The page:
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a woman's hands on a pregnant stomach

Metaphors can help women to describe their experience, and help us to understand it

Pregnancy loss, which includes miscarriage, stillbirth and termination for foetal abnormality, is a particularly intense and unique form of bereavement, which engenders difficult or painful emotions. When people are talking about such emotions, they have been found to make extensive use of metaphor in order to make sense of their experiences. For example, they might describe their experience as a ‘rollercoaster’, a ‘dark tunnel’ or a ‘deep pit’. By studying the metaphors that people use, we can gain insights into their experiences and begin to understand what they are going through.
In this paper, we look at the metaphors used by a group of women who have experienced pregnancy loss when talking about the nature of their bereavement. In particular, we focus on the ways in which metaphor is used to describe: the experience of the loss, the effects that this loss has on people’s conceptions of themselves and their bodies, and the implications this has for recovery. We find that metaphors involving journeys, containers, and division are particularly prevalent. By studying these metaphors we can see how women who have experienced pregnancy loss are trying to make sense of their ‘new normal’. Our findings provide insights into the grieving process which follows pregnancy loss, the ways in which people respond to their grief, and ultimately their recovery.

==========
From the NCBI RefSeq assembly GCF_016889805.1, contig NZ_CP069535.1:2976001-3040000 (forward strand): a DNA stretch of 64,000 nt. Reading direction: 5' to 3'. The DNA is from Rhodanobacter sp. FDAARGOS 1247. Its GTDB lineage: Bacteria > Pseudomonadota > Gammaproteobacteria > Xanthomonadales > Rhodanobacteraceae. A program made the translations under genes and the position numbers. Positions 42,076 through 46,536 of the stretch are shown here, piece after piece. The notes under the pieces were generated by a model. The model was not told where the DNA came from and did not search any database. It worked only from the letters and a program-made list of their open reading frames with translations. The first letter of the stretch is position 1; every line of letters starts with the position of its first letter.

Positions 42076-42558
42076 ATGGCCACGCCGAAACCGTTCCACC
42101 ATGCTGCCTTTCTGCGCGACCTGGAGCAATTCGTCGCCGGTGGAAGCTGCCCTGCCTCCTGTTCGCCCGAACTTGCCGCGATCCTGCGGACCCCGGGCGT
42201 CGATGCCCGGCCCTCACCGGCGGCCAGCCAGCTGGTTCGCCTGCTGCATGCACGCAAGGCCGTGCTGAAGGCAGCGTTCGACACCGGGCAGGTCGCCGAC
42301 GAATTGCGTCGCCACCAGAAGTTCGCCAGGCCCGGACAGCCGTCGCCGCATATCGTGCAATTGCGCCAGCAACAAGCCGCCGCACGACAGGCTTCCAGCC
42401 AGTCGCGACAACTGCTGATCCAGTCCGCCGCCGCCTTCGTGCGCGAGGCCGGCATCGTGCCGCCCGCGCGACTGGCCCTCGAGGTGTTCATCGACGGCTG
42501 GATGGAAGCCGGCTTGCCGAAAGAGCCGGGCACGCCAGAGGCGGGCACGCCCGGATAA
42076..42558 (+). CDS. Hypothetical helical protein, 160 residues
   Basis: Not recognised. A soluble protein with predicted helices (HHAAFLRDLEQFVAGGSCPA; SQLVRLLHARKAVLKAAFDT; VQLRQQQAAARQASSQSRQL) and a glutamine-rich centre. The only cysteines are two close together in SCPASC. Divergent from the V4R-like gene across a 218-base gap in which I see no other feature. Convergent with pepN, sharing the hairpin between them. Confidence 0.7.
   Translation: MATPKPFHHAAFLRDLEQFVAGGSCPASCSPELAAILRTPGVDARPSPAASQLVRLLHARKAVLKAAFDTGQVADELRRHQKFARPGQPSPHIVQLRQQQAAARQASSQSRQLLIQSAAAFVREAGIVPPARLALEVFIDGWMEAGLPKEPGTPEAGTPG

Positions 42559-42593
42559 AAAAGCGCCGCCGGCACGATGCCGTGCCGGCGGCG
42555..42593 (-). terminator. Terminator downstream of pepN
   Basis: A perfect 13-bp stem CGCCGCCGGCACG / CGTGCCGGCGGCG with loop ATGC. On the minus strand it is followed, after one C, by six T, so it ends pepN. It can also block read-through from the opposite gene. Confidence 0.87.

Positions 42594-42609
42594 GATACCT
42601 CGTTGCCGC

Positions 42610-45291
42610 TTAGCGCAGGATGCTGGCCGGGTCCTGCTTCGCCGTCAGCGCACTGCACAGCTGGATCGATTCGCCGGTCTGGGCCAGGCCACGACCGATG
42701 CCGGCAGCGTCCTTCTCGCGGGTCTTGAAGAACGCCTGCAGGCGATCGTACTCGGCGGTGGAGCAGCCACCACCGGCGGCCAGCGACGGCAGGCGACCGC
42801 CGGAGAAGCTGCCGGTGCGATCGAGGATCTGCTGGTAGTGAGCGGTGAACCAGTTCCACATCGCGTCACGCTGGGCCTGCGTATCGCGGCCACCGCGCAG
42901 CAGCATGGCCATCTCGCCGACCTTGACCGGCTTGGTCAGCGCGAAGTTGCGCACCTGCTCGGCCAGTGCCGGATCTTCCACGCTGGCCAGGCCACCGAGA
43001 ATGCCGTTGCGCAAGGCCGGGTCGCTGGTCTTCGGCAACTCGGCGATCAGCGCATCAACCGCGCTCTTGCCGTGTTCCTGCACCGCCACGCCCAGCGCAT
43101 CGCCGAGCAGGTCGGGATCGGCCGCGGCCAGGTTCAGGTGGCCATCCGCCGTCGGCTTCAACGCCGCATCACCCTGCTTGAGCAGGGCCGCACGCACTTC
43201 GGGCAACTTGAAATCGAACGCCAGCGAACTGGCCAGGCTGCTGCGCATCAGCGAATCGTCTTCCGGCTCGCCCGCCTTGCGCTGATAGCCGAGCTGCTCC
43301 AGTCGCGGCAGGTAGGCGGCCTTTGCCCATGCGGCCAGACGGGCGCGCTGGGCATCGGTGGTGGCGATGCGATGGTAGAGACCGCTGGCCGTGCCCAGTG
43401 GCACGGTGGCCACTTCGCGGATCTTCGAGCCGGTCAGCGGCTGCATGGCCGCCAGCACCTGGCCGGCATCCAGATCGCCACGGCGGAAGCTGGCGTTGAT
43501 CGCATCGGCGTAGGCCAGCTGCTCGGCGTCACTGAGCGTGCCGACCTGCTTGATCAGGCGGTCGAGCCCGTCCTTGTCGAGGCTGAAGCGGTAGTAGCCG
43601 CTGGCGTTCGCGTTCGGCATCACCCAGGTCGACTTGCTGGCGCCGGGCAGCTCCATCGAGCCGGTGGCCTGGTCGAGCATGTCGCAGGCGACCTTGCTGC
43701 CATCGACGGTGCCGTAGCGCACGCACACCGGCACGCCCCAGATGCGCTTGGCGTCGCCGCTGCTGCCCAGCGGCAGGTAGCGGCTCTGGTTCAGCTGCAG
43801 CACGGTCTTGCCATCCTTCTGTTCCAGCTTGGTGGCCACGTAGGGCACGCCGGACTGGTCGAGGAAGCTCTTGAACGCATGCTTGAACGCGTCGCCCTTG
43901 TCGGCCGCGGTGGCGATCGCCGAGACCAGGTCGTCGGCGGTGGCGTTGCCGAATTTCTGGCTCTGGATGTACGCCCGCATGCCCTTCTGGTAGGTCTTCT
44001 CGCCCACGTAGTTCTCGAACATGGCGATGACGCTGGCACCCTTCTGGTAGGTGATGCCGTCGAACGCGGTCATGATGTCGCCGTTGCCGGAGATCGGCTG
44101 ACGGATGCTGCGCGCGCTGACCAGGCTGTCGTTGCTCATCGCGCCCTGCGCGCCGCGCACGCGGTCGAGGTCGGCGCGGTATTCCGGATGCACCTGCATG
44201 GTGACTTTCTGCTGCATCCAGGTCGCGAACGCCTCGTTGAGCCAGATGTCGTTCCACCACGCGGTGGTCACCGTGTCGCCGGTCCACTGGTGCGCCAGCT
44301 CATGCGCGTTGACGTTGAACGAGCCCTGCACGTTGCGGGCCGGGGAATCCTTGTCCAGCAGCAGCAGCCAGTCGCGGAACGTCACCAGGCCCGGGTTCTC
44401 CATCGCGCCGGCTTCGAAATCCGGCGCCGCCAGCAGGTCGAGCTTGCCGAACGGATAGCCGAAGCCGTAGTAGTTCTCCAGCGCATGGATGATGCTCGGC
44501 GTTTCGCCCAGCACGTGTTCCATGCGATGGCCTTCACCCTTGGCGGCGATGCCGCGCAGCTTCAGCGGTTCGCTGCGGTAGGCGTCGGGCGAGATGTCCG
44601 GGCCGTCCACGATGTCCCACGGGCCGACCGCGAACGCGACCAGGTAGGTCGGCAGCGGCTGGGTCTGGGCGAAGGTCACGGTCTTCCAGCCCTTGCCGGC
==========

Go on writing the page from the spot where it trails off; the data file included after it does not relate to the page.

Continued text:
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Why do metaphors work?